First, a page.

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Drink Some Booze, Smoke a Joint and Relax: How to Have a Hedonistic Thanksgiving

Thanksgiving is a holiday about three things: eating, drinking, and fun. If you haven't realized that yet, you're doing it wrong. Here's how to do it right.
 
 
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This article was originally posted on Nerve.com.

You might not know this, but Thanksgiving is the best holiday of the year. You don't have to buy a gift for your most annoying family member or send your boss a cheese log. You don't have to pretend that the ten-year-old girl dressed up as Britney Spears is appropriate or deserving of a mini Snickers bar. You really don't have to fast. No, this is a holiday about three simple things: eating, drinking, and merriment.

 

If you haven't realized that yet, it's probably because you're doing it wrong. Maybe you're still stuck in the old family rut — dutifully flying home for a few days each November to eat turkey with mom, dad and great-aunt Mildred. And it's probably fine; the food is good, the conversation might be somewhat lively (especially if Mildred's had her schnapps), but you're still secretly counting down the minutes till everyone goes to bed and you can have a smoke and a proper-sized glass of wine. Or, maybe you're one of those Thanksgiving deniers who just pretends the whole thing isn't happening, staying at home and eating turkey lo mein with your cat.

Either way, you're missing out, and this year it's time to break the cycle. And it's not as hard as you think. Here are five ways to host your very own kick-ass, grown-up Thanksgiving dinner.

1. The Game Plan

Divide and conquer: for your first time, it's probably best to tackle Turkey Day with a friend or two. A roommate or a significant other are natural choices, but anyone you can work with will do. Start at least a few days in advance and divvy up the labor. If you don't know how to go about this, watch some reruns of Top Chef's "Restaurant Wars" — you need a front-of-house person, an executive chef, and, if you've got a third, a sous-chef. As my roommate and Thanksgiving co-host, Joanna, put it: "You be Tom, I'll be Padma."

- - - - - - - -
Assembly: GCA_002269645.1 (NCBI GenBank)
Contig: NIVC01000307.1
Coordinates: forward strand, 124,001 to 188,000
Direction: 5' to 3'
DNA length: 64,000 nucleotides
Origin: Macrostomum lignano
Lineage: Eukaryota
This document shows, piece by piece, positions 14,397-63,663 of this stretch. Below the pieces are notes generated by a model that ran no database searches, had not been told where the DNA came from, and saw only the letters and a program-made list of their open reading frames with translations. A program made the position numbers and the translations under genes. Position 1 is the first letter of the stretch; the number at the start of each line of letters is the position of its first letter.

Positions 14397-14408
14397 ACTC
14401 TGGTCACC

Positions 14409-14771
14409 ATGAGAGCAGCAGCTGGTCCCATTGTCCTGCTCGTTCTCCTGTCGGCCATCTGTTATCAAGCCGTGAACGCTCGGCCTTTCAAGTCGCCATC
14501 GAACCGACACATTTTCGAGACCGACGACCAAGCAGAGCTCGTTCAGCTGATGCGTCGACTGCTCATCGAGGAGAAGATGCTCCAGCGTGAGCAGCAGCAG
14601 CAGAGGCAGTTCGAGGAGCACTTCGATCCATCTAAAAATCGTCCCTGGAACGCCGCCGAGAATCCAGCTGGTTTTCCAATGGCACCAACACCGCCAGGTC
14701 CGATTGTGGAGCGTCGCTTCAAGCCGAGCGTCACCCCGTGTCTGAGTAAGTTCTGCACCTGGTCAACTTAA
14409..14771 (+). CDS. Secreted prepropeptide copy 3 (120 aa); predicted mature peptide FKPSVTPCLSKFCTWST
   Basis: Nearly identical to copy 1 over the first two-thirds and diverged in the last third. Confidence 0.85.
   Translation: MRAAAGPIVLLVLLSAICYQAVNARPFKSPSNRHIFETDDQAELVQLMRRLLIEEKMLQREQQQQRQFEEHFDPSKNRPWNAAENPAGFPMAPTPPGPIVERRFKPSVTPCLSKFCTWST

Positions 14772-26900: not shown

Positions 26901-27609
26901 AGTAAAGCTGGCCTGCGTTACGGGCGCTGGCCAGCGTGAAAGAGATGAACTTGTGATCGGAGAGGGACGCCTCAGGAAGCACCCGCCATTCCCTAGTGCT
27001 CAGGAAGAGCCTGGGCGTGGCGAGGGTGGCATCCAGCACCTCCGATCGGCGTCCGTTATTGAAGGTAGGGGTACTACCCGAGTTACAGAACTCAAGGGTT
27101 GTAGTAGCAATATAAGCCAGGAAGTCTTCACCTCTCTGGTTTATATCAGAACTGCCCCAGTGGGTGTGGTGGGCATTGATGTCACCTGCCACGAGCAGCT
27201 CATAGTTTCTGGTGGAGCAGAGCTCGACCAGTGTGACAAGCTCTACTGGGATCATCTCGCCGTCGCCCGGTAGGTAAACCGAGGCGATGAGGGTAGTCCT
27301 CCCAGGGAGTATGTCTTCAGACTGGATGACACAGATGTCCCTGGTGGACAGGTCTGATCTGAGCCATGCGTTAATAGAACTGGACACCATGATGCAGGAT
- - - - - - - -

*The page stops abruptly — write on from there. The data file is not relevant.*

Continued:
For our first Thanksgiving, Jo and I didn't start planning until the Monday before. For us it was just right, but if you and your friends are grown-ups with busy lives, you might want more time. As far as guests go, don't bite off more than you can chew. Between six to eight guests is manageable, but fewer is better if you're unsure. If you're having trouble deciding on a number, count how many clean forks you currently have in your silverware drawer and subtract two.

Always confirm your guest list. You know how nice restaurants call you the day before your reservation? Do that. It doesn't have to be super-formal, but since it's considered poor form to turn people away at the door, it stops your friends from having to eat on the floor. I, on the other hand, checked in with my Padma about the guest list around 11:00 a.m. on the day of. She informed me, very nonchalantly, that both Kevin and Brett were bringing dates, and so we would be nine, not seven. I informed her, rather chalantly, that we only own seven chairs and she had failed in her duties. After a bit of shouting, we tried the nice folks across the hall, who luckily lent us a couple of folding chairs. But if you hate your neighbors, figure these things out in advance.

2. The Bird

Focus most of your energy on the turkey. Even if everything else goes wrong, your guests will still be happy if there's an edible bird. Which is why you should practice. Think of cooking a turkey as losing your virginity, and Thanksgiving as prom night. You can wait until the big day to give it your first shot, but the stakes are a lot higher and the disappointment will be much keener if you crash and burn. Or set off the building's fire alarm.

 
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